When and When Not to Get Insurance

PHOTO: Firefighters battle house fire

Most people believe that it's foolish not to have insurance, and in many cases they're right. Yet buying some types of insurance may be a costly mistake.

Many buy insurance out of fear instead of reason, even though this is a financial decision. Only by looking at the matter calmly and objectively can you make sound decisions on when to buy insurance and when not to. When you buy insurance, you're paying the company to assume your risk. Yet insuring some of these risks isn't worth the high price and other risks are too insignificant to consider insuring. Whether you should buy a given type of insurance depends on the price versus the likelihood of negative outcomes and the financial impacts of these outcomes.

Buying some types of coverage is a no-brainer. A good example is fire insurance for your home. Although the chances of a house fire are low, the financial impact of your home burning down would be devastating. Because there's a big market for this insurance, companies can pool this risk, covering the losses of the few with the premiums of the many.

Another example of insurance at its best is term life insurance. The premium for a healthy 25-year-old is low because of the slim chance that he will die in the next 20 years, and this risk is pooled with millions of others. Even though his chances of early death are statistically low, he should buy this insurance if he has a family.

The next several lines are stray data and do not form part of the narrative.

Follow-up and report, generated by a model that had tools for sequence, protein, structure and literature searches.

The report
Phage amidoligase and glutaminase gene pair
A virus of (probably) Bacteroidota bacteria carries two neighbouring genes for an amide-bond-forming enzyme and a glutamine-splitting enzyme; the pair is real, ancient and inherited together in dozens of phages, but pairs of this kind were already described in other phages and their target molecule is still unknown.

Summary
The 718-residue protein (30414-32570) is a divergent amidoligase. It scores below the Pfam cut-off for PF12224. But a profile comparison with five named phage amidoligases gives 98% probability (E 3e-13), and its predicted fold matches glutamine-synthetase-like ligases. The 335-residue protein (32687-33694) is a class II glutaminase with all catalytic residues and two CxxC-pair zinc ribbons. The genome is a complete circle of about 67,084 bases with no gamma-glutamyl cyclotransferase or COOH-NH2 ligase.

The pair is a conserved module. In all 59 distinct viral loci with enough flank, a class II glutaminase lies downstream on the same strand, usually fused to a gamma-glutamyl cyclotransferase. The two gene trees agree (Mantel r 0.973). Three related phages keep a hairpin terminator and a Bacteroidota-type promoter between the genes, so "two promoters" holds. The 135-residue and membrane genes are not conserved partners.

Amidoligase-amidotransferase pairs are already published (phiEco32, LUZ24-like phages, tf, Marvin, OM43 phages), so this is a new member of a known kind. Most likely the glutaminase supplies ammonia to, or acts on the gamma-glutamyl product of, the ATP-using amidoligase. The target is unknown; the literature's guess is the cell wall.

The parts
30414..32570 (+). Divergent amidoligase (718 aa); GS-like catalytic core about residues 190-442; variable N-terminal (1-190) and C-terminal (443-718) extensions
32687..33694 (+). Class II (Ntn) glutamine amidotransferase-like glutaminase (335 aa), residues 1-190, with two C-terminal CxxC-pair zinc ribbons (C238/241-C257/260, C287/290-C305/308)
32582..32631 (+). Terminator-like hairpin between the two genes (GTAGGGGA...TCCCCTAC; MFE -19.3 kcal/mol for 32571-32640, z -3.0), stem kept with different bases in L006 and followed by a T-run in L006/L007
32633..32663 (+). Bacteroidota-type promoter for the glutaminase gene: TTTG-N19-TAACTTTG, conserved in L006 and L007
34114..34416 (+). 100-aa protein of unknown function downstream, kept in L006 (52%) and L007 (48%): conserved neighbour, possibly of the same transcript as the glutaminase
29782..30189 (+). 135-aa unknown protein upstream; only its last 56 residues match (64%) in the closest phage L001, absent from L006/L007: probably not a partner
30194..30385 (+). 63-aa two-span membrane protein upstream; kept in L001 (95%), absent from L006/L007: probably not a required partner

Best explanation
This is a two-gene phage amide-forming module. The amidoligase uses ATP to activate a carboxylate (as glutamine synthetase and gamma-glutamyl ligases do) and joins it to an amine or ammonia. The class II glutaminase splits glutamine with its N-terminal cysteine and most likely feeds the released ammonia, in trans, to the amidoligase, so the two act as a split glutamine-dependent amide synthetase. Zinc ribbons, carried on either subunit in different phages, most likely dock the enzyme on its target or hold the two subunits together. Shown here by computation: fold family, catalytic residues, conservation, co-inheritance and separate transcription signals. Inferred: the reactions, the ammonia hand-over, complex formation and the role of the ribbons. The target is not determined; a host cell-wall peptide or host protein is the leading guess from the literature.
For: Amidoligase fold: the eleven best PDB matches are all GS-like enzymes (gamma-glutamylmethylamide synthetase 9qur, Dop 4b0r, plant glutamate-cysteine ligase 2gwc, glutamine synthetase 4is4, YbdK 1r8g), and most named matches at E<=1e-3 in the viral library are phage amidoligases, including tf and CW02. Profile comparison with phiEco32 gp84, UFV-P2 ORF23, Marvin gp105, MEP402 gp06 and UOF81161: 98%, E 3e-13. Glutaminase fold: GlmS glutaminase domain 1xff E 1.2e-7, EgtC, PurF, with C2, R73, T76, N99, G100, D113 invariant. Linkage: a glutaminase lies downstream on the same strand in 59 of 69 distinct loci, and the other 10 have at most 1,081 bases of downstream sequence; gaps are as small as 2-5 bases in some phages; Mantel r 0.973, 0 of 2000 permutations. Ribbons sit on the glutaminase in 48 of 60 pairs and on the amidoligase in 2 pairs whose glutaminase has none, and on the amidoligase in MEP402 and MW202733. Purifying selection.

For many other types of insurance, depending on your situation, you might want to just say no.

For example, many people wouldn't dream of starting their cars without automobile collision insurance covering damage to their vehicles from accidents that they may cause. But it doesn't make sense to cover a car that isn't worth much, especially in high-cost-insurance states. If your car is worth only $4,000, why pay $800 a year over the next five years for collision insurance? Instead, you could just put $800 in the bank each year. If you have an accident, you can buy a used car for $4,000. If you don't, you'll have the car and the $4,000.

It's a good idea to check on all insurance costs before buying a car. Also, remember that you can save a lot of money on a policy by choosing a high deductible.

Unnecessary insurance products and those that protect against trivial losses abound. These include car-loan payoff insurance (in case people can't make their car payments), extended warrantees on consumer electronic products (which have the disadvantage of being prorated), flight insurance covering your death in an airline accident (an extremely unlikely event already covered by your life insurance policy) and rental car damage insurance (most personal automobile liability policies cover this).

Choices for many other types of coverage aren't so black and white. Here are some types of policies you may want to consider:

Umbrella liability coverage.

This is a policy that adds coverage beyond the limits of your existing homeowner's or automobile policy. Because it kicks in only when these limits are exhausted, premiums are low — often $1 million in coverage for not much more than $100 a year. This coverage is a good idea for those with substantial assets to protect or professionals who want to beef up existing coverage against lawsuits.

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